Halloween has always been one of my favorite Holidays. I used to love the cold and foggy dark of San Francisco nights where I could barely see my candy bag in front of my face. Halloween as a kid meant the rare thrill of being out after dark, and the ability to run wild with a gang of neighborhood kids for a few magic hours. It meant flickering candles in the mouths of shrieking jack o' lanterns, the sighing of the fog horns, the running slap of tennis shoes on the damp sidewalks and the barking of the seals on nearby Seal Rocks. Anything might happen on a night like that.
Of course forgetting the costume and free candy part, that was what most nights in the Sunset district of San Francisco (otherwise known as The Outside Lands) were like. It was a sort of Bronte growing up, and it left me with a permanent soft spot for dark, dank nights when the clock falls back, lying in bed listening to the bark of seals, Halloween, and Jack O' Lanterns in the raw, aka Pumpkins. Yes, I'm a pumpkin freak. I admit it. The fruit/vegetable that can be sweet, savory and also scary? Dude, that's what I call versatile! I'm talking Justin Timberlake-acting-dancing-singing versatile. Except Justin Timberlake isn't vegan cause he, like the rest of us is technically made of meat.
Well, we're smack in the middle of pumpkin season and there are a lot of things that can be done besides going all Nip and Tuck on them, Jack O' Lantern style. Now I happen to have a few (make that a buttload of) pumpkins around. I'd planned on carving and candeling them for Halloween but got too lazy, and so when Halloween rolled around, it was just Alan and me and Patsy the Husky and Johnny Depp (the neighbors cat) and nothing got done.
So something had to be done with these pumpkins, and fast. Last year I'd had a similar intention and decided to store my extra pumpkins in the garage. Well, one thing led to another and I located one of the pumpkins sometime in the spring. Okay, I didn't exactly locate it. You couldn't miss it. Only it wasn't quite a pumpkin anymore. It was more like a pumpkinish bathmat, all orange and fuzzy.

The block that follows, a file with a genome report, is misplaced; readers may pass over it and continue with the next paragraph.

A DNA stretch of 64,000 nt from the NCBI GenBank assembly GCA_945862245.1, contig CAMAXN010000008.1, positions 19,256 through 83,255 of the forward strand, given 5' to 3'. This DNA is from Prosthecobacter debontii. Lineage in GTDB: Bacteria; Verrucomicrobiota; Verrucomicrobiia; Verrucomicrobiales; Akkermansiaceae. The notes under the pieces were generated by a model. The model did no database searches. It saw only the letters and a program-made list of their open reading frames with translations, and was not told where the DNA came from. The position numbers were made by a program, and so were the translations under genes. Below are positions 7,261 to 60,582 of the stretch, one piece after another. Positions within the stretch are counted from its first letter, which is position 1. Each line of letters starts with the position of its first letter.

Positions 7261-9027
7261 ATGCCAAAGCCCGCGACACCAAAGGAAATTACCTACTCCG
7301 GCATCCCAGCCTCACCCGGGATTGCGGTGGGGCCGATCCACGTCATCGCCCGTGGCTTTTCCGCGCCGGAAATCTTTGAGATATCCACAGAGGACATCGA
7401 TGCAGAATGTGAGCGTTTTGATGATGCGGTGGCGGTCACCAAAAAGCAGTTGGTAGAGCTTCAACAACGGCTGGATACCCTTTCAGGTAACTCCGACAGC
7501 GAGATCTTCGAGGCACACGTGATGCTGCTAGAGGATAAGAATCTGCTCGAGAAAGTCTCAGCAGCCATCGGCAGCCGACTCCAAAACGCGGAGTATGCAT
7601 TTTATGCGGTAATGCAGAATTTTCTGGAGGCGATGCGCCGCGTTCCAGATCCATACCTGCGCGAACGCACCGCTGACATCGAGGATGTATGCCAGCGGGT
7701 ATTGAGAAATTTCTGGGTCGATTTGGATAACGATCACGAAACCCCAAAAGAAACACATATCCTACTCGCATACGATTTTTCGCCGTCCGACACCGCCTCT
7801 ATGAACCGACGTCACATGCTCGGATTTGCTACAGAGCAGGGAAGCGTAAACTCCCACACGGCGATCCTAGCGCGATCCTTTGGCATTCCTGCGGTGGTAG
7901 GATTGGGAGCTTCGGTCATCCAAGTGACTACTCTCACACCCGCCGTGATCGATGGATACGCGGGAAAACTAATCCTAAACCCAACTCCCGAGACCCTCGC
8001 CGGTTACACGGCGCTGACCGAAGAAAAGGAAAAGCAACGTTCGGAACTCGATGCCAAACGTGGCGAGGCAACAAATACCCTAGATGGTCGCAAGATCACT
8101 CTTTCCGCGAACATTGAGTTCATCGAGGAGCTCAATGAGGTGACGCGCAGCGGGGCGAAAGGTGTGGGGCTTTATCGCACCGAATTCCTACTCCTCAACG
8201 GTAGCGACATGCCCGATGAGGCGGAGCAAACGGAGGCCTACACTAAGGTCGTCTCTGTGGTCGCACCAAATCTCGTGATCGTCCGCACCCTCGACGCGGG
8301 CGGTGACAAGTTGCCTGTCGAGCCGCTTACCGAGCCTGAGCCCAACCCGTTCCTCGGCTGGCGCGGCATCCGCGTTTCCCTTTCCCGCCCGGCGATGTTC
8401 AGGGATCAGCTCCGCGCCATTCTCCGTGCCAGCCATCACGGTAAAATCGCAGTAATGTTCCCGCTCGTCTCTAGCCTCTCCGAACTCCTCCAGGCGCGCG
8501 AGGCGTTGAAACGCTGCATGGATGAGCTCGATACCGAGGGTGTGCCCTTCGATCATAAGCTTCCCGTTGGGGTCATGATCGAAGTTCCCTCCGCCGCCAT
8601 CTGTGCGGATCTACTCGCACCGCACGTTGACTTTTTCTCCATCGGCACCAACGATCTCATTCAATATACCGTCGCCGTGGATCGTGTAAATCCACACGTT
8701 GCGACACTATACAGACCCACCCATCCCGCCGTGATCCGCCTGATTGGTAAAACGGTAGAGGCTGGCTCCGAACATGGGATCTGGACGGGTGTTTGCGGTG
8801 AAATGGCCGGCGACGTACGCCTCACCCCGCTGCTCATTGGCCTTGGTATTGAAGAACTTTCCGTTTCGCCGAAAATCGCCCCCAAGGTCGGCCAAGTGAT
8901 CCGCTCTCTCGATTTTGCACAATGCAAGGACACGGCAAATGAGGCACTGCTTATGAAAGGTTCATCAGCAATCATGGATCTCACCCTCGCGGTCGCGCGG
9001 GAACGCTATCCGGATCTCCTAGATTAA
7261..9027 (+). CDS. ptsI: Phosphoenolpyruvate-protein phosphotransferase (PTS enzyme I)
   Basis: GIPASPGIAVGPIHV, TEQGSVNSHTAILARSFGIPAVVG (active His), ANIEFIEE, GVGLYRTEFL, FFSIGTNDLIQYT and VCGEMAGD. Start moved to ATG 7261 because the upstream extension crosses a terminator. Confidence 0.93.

This year I was determined that wasn't going to happen again. I had no excuses for neglecting my gourds because pumpkins aren't just for carving anymore. There are a whole raft of other things that one can do with them besides let them rot in the garage. One can make pies, and pasta sauces, breads and cookies, purees and gnocchi. One can also make meatballs. Well, not really meatballs, more like meatless-balls otherwise known as koftas.
Koftas are delicious, little puffy bites. Koftas can be made of anything, spinach, flour, bread, potatoes, yams, you name it. The ingredients are mixed with chilies and spices and a bit of garbanzo flour (besan). Usually they're deep fried, but in the name of holiday sanity and health, I decided to saute/fry mine in a smaller amount of vegetable oil. Serve koftas in a sauce, or on a platter as finger food with a spicy dipping sauce. They're easy to make and perfect for the holiday season ahead.
Here's what you'll need:
1 small sugar pie pumpkin (about 1 and 1/2 lbs or 4 cups) peeled and grated
2 fresh green serrano chilies seeded and stemmed and finely chopped
1/2 tsp of cumin seeds
1 tsp of salt
1 Tbs of fresh lime juice
2/3 cup of chickpea (garbanzo flour)
Here's What To Do:
Peel and grate the pumpkin in a food processor and set it aside.
In a bowl, combine the pumpkin with everything else.
Pour in the lime juice for moisting.
Get your hands in it and mix it all around. Massage that pumpkin.
Roll it into little 1 inch balls.
Heat some vegetable oil in a kadhai or wok. I used enough to come halfway up the little koftas but not enough to cover or deep fry them.
When the oil is very very hot, add in the koftas.
Roll them around until they brown and crisp up. Then take them out with a slotted spoon and set them on a plate with a paper towel to let them drain.
These should be served with a sauce, either for dipping or poured over the koftas. The sauce I used for the pumpkin koftas was a spicy spinach sauce. Since pumpkin is mild, this sauce hots them up and makes the flavors pop. And since the koftas must be served and eaten hot, the best thing is to make the sauce ahead of time, and this spinach sauce can be made a day ahead. Keep it in the fridge and heat it up before using.
Here's What's In It:
1 bag of fresh baby spinach
4 Tbs of vegetable oil
A 2 inch piece of fresh ginger peeled and chopped
2 fresh green serrano chilies slit up the mmiddle
1 bunch of fresh mint
1 and 1/2 cups of water
1 tsp of salt
Here's What To Do:
In a skillet or wok or kadhai heat the oil.
When the oil is hot, toss in the chopped ginger and chilies. Stir all that around and saute it a bit, then add in:
Cook everything until the spinach and mint start to wilt, then turn down the heat and add in the water and salt.
Turn down the heat, put a lid on things and let it all simmmer for about 15 minutes.
Take it off the heat.
Put everything into a food processor and blend it up into a puree.
Serve it when it's done with the koftas, or pop it in the fridge to use later. Use a little or use a lot.
I love these pumpkin koftas, vegan, gluten free, vegetarian, perfect for meatless Monday feasting. It ticks all the boxes no matter how you eat. Even carnivores love 'em. I'm not talking about Patsy or Johnny Depp the cat, but the other major carnivore around here, Alan.
I'll be making more of these koftas over the holiday season using a variety of vegetables. I think they'll be perfect on party platters. In fact coming up next the traditional holiday sweet potatoes get an Indian tune up. Follow along on Twitter @kathygori